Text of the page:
Michael Priestley-Pickard from Martham who died suddenly aged 79. Super intelligent and a great conversationalist he was regarded as a real character
WARM tributes have been paid to a Martham man whose life at the heart of the community had a big impact over more than seven decades.
A funeral cortege was on Wednesday due to parade from Michael Priestley-Pickard’s home on The Green to St Mary’s Church where he was due to be buried with full military honours.
He died suddenly at home aged 79.
Born in Kent an only child he and his parents moved to Martham when he was aged six, putting down roots that would radiate across the village he was proud to call home for the rest of his life.
His father was well-known on his rounds as a postman.
Regarded as super-intelligent with a goldmine mind full of knowledgable nuggets on every subject he opted for the simple, single life of a carpenter/boat-builder.
Gregarious, warm-hearted, full of fun, and a decent cricket player, friends this week described him without exaggeration as “a legend,” “a unique person in every sense of the word,” and “a wonderful character.”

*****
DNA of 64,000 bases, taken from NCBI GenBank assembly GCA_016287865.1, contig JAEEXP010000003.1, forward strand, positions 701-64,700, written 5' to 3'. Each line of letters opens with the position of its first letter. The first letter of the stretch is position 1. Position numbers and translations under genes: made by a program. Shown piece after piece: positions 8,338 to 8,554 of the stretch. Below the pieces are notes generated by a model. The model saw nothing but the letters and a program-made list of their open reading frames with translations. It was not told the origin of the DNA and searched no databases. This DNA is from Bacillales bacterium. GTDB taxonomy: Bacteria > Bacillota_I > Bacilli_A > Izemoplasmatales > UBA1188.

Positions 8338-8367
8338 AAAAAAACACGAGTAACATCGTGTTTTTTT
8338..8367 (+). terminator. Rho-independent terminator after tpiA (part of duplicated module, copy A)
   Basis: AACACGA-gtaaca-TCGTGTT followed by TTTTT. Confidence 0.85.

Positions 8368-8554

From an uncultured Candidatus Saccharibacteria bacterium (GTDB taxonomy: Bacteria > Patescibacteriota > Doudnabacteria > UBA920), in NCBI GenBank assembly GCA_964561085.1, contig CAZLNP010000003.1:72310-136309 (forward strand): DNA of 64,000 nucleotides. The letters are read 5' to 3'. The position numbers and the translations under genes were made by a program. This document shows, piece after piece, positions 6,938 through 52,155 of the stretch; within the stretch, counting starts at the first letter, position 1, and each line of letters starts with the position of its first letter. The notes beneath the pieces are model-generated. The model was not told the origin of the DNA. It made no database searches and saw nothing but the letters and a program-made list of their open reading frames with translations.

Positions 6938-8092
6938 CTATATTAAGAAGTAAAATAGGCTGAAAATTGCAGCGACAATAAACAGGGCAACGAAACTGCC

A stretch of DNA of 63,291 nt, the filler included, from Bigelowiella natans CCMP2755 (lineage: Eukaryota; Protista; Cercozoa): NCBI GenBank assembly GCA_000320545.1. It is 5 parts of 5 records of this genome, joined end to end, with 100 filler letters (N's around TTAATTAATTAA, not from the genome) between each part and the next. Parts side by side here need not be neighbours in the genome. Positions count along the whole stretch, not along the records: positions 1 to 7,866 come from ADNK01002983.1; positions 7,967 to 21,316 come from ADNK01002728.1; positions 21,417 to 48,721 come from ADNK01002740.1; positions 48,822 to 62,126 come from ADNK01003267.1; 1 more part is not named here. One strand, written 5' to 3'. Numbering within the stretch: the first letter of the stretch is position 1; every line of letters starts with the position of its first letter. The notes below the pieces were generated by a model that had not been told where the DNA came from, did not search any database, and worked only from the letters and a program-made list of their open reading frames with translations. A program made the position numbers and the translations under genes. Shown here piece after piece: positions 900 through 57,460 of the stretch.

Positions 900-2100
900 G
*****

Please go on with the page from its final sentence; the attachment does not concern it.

Animal-loving and generous he enjoyed having visitors to his home, young and old – his impeccable reputation for being a man of character and kindness drawing many to his door.
Despite having few relatives, none of whom are local, a large turnout was expected on Wednesday, his few remaining comrades who served with him in the Suffolk Regiment determined to give him the send-off he deserved.
Village butcher Philip Dowe who looked in on him every day said he was good company and a great character.
“He always liked fun and good times and he spent a lot of time round mine until the early hours of the morning. He loved anyone who would have a bit a of a laugh and was never prejudiced towards anyone, young or old. The only thing he did get a bee in his bonnet about was anybody that was cruel to animals.
“He was a very good carpenter and handyman, making a lot of good furniture for people in the village and working on boats for some famous owners.”
The local branch of the Royal British Legion of which he was a long-serving active member was due to carry its standard and buglers to play The Last Post.